In my study, young workers in hospitality experienced insecuritisation due to uneven power relations between them and customers, co-workers and managers, where young adults’ agentic power was often undermined, vulnerability amplified, and insecurity normalised (Rydzik, 2019). Due to power asymmetries, they had limited agency to negotiate advantageous working arrangements. While hospitality work enabled young workers in particular ways and provided opportunities, power asymmetry in employment relations reinforced perceptions of insecurity and aggravated inequalities, with limited options to redress. This not only impacted on relations and self-perception but also conditioned them into precarious employment and normalised prospects of an insecure future.

Migrant women tourism workers also had to find ways to exercise agency through oppressive employment relations. Analysis of their responses to exploitation showed that migrant women tourism workers engaged in practices of resilience, reworking and resistance (Rydzik and Anitha, 2020). They ‘saw themselves as active agents with long-term goals rather than passive powerless victims of exploitation’ and navigated hyperexploitative work relations through devising coping tactics ‘in response to difficulties encountered at work, which helped them cope with ill-treatment from co-workers, managers and customers’ (Rydzik and Anitha, 2020, p. 889). Workplace encounters are thus key in mediating subjective experiences of (un)welcome for minority groups as one’s positionality in these encounters is constantly negotiated and renegotiated.


Welcome is often mediated by hard-to-fathom structures and norms that have to be understood and navigated. Newly arrived migrant workers or young adults new-to-the-workplace can find this particularly difficult, opening them to exploitative working conditions.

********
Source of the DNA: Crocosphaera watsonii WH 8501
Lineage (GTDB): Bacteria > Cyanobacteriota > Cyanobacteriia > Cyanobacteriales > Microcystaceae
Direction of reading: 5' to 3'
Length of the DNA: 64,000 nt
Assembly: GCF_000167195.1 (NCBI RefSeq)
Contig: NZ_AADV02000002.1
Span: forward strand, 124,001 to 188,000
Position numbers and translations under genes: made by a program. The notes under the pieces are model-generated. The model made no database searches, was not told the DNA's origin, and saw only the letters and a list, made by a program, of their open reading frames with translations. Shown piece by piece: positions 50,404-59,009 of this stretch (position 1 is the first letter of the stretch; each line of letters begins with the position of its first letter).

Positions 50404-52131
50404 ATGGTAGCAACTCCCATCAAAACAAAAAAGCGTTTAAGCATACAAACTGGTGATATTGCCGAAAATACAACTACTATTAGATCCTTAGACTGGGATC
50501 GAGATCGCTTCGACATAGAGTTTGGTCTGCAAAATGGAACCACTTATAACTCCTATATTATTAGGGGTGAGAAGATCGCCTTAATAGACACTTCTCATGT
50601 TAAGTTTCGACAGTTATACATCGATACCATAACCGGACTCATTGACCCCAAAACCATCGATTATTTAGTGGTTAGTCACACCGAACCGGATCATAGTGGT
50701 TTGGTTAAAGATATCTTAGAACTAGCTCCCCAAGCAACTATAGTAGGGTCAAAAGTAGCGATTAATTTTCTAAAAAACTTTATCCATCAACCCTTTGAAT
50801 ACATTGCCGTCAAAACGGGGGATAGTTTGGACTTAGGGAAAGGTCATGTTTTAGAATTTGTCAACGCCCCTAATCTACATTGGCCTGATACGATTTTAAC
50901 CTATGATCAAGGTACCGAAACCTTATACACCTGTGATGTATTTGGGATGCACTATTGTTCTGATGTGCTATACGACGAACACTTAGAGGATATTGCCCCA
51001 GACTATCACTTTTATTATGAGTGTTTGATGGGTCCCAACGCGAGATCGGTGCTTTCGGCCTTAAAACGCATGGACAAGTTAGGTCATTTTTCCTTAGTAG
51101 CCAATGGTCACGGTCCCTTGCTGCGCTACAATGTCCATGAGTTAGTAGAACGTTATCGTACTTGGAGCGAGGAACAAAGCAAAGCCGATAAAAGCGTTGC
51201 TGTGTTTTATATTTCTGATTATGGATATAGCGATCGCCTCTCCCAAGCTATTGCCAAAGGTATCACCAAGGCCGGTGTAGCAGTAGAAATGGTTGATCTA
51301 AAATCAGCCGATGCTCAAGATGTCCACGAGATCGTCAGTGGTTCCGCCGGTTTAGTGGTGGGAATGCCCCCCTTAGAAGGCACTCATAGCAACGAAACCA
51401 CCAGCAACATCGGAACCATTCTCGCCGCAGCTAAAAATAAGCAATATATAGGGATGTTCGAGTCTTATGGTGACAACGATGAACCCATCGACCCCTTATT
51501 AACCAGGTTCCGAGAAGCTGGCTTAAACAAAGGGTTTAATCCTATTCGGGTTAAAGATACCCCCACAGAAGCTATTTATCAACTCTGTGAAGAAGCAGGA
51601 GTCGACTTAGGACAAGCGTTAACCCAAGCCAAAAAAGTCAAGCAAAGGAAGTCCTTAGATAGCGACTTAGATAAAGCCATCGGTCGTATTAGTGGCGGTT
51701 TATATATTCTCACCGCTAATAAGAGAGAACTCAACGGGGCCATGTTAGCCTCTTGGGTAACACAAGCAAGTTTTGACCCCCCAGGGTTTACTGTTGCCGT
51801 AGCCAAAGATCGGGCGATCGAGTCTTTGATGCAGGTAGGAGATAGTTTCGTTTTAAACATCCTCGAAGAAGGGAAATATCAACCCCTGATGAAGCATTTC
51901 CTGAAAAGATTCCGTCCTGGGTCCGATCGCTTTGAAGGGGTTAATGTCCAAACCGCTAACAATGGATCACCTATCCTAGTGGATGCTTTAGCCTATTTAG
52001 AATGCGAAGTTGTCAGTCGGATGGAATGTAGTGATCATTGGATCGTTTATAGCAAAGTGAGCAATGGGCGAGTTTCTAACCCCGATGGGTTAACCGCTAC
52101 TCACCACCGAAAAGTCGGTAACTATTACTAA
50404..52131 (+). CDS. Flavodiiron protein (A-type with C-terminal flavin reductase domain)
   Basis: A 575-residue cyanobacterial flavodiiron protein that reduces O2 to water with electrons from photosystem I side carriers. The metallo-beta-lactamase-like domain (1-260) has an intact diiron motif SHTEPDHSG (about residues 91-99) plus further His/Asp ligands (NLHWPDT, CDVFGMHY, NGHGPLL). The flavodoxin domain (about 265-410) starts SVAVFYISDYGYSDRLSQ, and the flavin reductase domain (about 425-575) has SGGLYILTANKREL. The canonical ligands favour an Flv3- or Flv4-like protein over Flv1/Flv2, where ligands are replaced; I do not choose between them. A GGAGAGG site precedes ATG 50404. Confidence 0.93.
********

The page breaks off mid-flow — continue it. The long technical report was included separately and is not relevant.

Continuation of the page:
Migrant women in tourism workplaces experienced structural limitations that affected their career prospects. While tourism work enabled their spatial mobility and supported some of their aspirations, on the whole, many experienced limits to vertical occupational mobility and felt constrained through limited promotion opportunities and having their occupational mobility limited to gendered roles, resulting in them developing strong intentions to leave the industry (Rydzik et al., 2012).

Similarly, the precarious nature of hospitality jobs resulted in young workers experiencing limited control over working times and limited development prospects, while women brewers had to challenge gendered roles in microbreweries both on collective and individual levels to gain acceptance and recognition, and challenge stereotypical assumptions around suitability. This was also true for migrant women entrepreneurs who challenged nationality-based stereotypes at work and in the community, and negotiated gendered assumptions at home and beyond to achieve their entrepreneurial and mobility goals within societal structures that can make it tricky for them to succeed on their terms (Zeinali et al., 2021).


Welcome is affected by wider discourses and the politics of representation. While experiences of welcome are subjective, media and tourism promotional materials are inscribed in constructing narratives that privilege some groups and exclude others. This often reinforces the dominant stereotyped imagery in society and has the power to shape perceptions. How minority groups are portrayed in the mainstream media, by DMOs or in tourism promotional materials can be powerful in projecting welcome or non-welcome, and be either inclusive or othering.